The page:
VIDEO: One-on-One with Ricky Rahne on the Coaches Caravan

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UNIVERSITY PARK, Pa. - GoPSUsports.com catches up with passing game coordinator and quarterbacks coach Ricky Rahne at the Coaches Caravan stop in Scranton on Wednesday.





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2014 Coaches Caravan Day V - Philadelphia & Scranton

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VIDEO: Coaches Caravan Day IV Roundup

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PECKVILLE, Pa. -  The second day of leg two on the road with the Penn State Coaches Caravan featured a trip through downtown Philadelphia and a packed house in Scranton on Wednesday.

Philly natives James Franklin, field hockey's Charlene Morett and women's soccer's Erica Walsh highlighted Wednesday's lunch stop.  Additionally, four-time defending NCAA wrestling champion head coach Cael Sanderson joined the cast of coaches for Wednesday's event.  Take a look at some highlights.
    


Stop No. 9 - Philadelphia (The Rittenhouse Hotel)


 
Wednesday's lunch took place in the heart of downtown Philadelphia at The Rittenhouse Hotel.  More than 250 fans filled the ballroom to greet the four coaches during an excellent lunch event.  Franklin, Morett and Walsh had a little extra bounce in their step after the Philly natives took a drive down Broad Street en route to Center City for the lunch.

Wednesday's crowd was superb, and the group gave all four coaches a standing ovation after they spoke.  Like the gathering in King of Prussia on Tuesday night, the Philadelphia supporters of Penn State Athletics are a diehard group of fans.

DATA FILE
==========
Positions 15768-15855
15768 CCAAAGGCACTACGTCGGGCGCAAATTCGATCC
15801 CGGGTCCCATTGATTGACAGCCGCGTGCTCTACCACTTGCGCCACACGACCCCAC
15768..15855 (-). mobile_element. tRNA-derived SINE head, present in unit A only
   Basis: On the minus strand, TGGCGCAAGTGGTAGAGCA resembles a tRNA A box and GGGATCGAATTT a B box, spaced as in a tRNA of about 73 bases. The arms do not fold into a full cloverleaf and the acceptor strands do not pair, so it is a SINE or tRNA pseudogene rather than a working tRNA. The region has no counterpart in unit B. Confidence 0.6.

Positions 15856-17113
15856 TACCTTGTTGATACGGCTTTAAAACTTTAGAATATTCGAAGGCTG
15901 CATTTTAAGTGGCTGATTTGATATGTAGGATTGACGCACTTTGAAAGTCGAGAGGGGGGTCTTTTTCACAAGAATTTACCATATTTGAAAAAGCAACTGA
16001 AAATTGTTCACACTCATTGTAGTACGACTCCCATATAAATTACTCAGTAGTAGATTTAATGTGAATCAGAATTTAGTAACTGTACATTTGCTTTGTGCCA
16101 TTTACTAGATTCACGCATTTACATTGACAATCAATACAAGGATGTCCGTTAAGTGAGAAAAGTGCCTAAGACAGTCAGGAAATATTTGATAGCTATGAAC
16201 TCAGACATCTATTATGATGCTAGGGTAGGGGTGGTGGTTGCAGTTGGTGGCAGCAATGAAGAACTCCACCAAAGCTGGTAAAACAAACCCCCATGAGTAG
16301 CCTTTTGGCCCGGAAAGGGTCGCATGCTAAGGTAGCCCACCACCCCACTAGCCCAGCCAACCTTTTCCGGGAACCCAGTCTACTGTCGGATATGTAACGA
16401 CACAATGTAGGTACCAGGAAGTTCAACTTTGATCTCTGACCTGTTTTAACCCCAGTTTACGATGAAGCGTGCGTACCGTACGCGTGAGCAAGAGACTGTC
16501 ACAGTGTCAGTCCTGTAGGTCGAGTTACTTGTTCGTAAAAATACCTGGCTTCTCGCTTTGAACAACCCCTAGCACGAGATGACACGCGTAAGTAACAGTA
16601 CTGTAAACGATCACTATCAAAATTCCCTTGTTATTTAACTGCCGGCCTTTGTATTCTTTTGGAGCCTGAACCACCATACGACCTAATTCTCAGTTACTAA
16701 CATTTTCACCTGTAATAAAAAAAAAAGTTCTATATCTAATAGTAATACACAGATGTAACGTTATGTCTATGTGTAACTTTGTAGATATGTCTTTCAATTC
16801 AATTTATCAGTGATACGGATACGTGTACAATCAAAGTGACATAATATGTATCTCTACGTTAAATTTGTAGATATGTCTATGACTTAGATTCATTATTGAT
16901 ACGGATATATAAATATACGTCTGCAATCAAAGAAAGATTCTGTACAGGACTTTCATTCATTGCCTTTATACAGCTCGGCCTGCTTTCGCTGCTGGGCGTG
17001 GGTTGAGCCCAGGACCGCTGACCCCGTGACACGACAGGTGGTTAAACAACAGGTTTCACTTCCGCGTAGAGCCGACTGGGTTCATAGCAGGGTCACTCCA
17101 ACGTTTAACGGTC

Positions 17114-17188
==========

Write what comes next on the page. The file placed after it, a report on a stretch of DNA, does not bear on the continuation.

Walsh has been a tough act to follow during her two weeks on the Caravan.  Her campus tour speech is filled with details and beaming with pride.  Whether it was Bob Warming, Morett or Sanderson, every coach who has stepped to the podium following Walsh has remarked about her tremendous description of the Penn State campus.  Sanderson had his first crack at following the leader of Penn State women's soccer for the first time on Wednesday.

"That's tough to follow.  I just want to have lunch," Sanderson joked.

caravan_philly_1.jpgFresh off the program's fourth-straight NCAA title, Sanderson has an endless supply of things to talk about.  But that's not his style.  Sanderson deflects the attention off of himself to talk about the positive energy surrounding the football program and how the football program serves as the engine for the health of the athletic department.

"They have the vision, the passion and the pride.  We are in very good hands," Sanderson said of Franklin and the football staff.

He went on to urge the crowd to buy football season tickets now.

"Get your tickets now because when they get going, you're not going to be able to get them in a few years," Sanderson said.

Franklin talks about the state of pride in Penn State each time he addresses a caravan crowd.  That could not be more apparent during the first nine stops during the past couple weeks.  The fan base is excited for what's ahead.  And the fellow coaches in the department are just as excited.

"There are so many things to be excited about," Morett said.

Morett finished off her stint on the Coaches Caravan in Philly.  She will now hit the recruiting trail.  From Philly, the Fullington bus rolled north towards Scranton.